Chinese director Zhang Yimou’s The Road Home is an atypical film from the man who achieved fame with such ambitious historical dramas as Raise the Red Lantern (1991) and To Live (1994). It’s a simple love story of a universal type, a folk tale with a leisurely pace and a foregone conclusion.
Adapted from the novel, Remembrance, by Bao Shi, the film is bracketed by black-and-white sequences which take place in the present. Yusheng Luo (Sun Honglei), a middle-aged businessman who’s moved to the big city, returns to his small village home upon hearing that his father has died. His grieving mother wants her husband to receive a traditional burial, which includes carrying the body several miles from the hospital to its final resting place. At first her devotion seems old-fashioned and servile. But once the movie switches to a beautifully colorful flashback and tells the story of her meeting and courtship with her future husband, it more than makes sense.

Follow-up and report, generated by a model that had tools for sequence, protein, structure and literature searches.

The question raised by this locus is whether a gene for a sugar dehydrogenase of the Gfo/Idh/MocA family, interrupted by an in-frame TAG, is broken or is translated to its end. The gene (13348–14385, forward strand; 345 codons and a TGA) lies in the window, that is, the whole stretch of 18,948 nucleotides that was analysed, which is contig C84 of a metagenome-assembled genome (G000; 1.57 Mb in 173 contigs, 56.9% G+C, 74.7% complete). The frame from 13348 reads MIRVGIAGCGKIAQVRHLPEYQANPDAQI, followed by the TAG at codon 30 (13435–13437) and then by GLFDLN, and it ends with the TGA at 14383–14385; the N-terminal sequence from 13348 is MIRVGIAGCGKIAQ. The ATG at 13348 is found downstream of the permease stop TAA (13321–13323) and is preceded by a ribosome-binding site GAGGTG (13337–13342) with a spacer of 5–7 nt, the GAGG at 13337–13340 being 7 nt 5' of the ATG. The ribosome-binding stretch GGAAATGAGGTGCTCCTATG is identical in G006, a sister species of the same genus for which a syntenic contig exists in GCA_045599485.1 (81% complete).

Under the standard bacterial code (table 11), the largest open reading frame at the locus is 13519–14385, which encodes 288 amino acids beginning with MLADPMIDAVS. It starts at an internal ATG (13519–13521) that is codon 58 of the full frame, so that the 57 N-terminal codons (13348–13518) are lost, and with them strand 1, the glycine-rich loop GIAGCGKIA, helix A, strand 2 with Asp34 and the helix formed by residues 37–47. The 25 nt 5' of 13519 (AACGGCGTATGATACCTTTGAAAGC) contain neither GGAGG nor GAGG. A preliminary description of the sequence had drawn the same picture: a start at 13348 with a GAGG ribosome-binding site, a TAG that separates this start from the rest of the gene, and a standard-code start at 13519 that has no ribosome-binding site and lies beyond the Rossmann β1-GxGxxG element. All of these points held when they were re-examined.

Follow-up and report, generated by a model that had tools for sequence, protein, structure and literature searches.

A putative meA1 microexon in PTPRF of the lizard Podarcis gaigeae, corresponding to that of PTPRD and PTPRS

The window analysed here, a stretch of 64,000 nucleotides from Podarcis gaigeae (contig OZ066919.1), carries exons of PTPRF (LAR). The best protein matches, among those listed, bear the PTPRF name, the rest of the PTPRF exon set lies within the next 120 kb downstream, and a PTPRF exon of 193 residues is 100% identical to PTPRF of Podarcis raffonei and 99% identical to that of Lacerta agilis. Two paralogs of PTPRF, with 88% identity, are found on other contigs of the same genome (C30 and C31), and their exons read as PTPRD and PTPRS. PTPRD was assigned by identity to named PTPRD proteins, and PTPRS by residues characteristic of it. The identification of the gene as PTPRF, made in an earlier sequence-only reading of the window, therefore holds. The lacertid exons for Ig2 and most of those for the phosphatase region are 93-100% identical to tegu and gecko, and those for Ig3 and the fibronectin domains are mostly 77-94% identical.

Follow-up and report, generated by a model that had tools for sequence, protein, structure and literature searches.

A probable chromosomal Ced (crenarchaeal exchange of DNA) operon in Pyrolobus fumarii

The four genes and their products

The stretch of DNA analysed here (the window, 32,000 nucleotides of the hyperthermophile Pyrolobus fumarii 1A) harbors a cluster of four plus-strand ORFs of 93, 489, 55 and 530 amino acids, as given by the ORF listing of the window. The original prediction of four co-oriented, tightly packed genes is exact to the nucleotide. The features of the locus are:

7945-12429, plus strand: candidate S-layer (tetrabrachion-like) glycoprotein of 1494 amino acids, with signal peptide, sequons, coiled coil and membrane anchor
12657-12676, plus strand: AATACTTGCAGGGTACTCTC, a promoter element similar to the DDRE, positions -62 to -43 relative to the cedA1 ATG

This could all be terribly sentimental, and it does have a musical score which seems to be nudging things in that direction, but it’s redeemed by a truly captivating performance by Zhang Ziyi (who was Jen in Crouching Tiger, Hidden Dragon) as the 18-year-old girl who pursues the 20-year-old village teacher, a romance that is interrupted when he’s ominously called back to the big city for “political reasons.” In a vein more sweetly sad than syrupy, Yimou tells his story in a style of assuredness sans flourish, his lyrical gaze fixed on an actress whose natural freshness could make a cynic sigh.
Showing exclusively at the Detroit Film Theatre (inside the DIA, 5200 Woodward, Detroit), Friday through Sunday. Call 313-833-3237.
Visit the official The Road Home Web site at sonyclassics.com/theroadhome.
Richard C. Walls writes about the arts for Metro Times. E-mail him at firstname.lastname@example.org.